Research conducted by Utah State University’s Bingham Research Center led to a marginal, rather than moderate, ozone nonattainment designation for the Uintah Basin by the Environmental Protection Agency’s (EPA). Marginal is the lowest and least onerous classification, providing more regulatory flexibility. The EPA nearly designated a large portion of the Uintah Basin as moderate non-attainment of the federal ozone standard. This designation would have led to stringent and costly regulations on the local oil and gas industry, negatively impacting the Uintah Basin’s economy.
“Were it not for the work done by our research team, the Uintah Basin would be under a moderate non-attainment designation today,” said Seth Lyman, director of USU Bingham Energy Research Center. “This will allow industry and regulators time and flexibility to develop cost-effective solutions to the Uinta Basin’s ozone problems.”
Huy Tran, a senior research scientist at USU’s Bingham Research Center, focuses on developing better computer simulations. While working on summertime ozone models, Tran noticed from the model output that two summer ozone exceedance days were caused by an intrusion of ozone-rich air from the stratosphere. EPA allows for natural-caused exceedances of the ozone standard to be excluded from regulatory averages. Once Tran discovered these two days, The Bingham Center team worked with regulatory agencies to have them approved for exclusion. This dropped the three-year ozone average from 81 parts-per-billion (ppb) to 80 ppb – or from moderate non-attainment to marginal in the Uintah Basin.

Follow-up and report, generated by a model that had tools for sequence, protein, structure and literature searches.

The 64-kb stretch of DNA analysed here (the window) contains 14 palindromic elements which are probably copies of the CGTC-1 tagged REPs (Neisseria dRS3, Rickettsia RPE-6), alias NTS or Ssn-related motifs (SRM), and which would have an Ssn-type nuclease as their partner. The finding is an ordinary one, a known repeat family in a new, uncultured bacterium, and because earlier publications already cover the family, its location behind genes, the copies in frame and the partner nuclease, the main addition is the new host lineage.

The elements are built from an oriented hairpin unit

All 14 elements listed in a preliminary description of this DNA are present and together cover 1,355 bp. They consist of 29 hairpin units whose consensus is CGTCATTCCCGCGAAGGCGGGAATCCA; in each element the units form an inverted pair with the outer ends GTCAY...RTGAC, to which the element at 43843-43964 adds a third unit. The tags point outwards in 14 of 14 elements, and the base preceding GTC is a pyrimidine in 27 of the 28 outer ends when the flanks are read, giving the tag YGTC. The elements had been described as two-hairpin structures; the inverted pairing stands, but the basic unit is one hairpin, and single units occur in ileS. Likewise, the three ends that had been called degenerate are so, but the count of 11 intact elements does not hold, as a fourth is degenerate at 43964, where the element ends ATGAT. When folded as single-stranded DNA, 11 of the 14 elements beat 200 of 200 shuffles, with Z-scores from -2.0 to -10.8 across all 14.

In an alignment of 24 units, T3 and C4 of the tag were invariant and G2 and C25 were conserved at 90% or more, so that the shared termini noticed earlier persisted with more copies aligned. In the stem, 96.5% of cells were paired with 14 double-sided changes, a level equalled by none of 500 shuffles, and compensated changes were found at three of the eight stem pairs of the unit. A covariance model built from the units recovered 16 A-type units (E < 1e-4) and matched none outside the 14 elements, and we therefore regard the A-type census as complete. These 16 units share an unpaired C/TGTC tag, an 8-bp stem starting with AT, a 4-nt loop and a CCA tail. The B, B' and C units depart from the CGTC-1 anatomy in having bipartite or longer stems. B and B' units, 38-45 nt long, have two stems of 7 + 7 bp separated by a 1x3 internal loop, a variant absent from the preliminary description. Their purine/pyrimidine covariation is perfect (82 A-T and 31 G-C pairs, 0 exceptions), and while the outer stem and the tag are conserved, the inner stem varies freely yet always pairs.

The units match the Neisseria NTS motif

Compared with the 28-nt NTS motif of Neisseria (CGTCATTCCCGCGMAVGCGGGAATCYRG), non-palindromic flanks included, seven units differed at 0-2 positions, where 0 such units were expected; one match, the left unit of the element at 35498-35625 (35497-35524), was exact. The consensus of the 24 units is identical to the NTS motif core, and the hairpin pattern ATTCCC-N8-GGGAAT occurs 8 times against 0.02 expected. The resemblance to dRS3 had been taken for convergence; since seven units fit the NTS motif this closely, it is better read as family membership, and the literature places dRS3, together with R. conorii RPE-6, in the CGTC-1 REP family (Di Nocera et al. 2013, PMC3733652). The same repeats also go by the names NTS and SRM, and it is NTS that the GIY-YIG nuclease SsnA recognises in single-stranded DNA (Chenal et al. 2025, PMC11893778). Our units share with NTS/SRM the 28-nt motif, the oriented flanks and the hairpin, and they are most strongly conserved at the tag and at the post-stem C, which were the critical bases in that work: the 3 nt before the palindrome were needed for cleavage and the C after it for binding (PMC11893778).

In three years, the EPA will review whether or not the Uintah Basin will achieve attainment of EPA’s standards or bump up to moderate non-attainment. During that time, regulators and industry will be working to achieve ozone attainment. To better ensure these actions are successful, the Bingham Research Center will continue in-depth research to understand the issue better so the regulators and industry professionals will have good information to make those decisions.
Since 2010, the USU Bingham Research Center has performed air quality research in the Uintah Basin. One of the center’s main goals is to provide the local oil and gas industry and government with detailed information on their impacts on air quality, and give cost-effective recommendations to help meet federal regulations.
According to Lyman, there are two essential reasons the Uintah Basin needs good air quality. “First, poor air quality impacts our health negatively. Clean air means good health. Second, our economy takes a hit from strict regulations implemented because of poor air quality. The key is finding solutions that create good air quality and the continuation of a robust economy. Our team is dedicated to making this happen simultaneously.”
The Bingham Research Center performs research on Uintah Basin’s air quality by deploying an array of high-precision equipment that measures ozone, reactive nitrogen compounds, and other air quality and meteorological parameters. The research provides a wealth of information to help local industries navigate this complex issue efficiently and effectively.
Aside from air quality, the center’s researchers and scientists specialize in energy and environmental chemistry. Visit binghamresearch.usu.edu for more information on current research projects or to connect with the team.
Contact: Dana Rhoades, 435-722-1788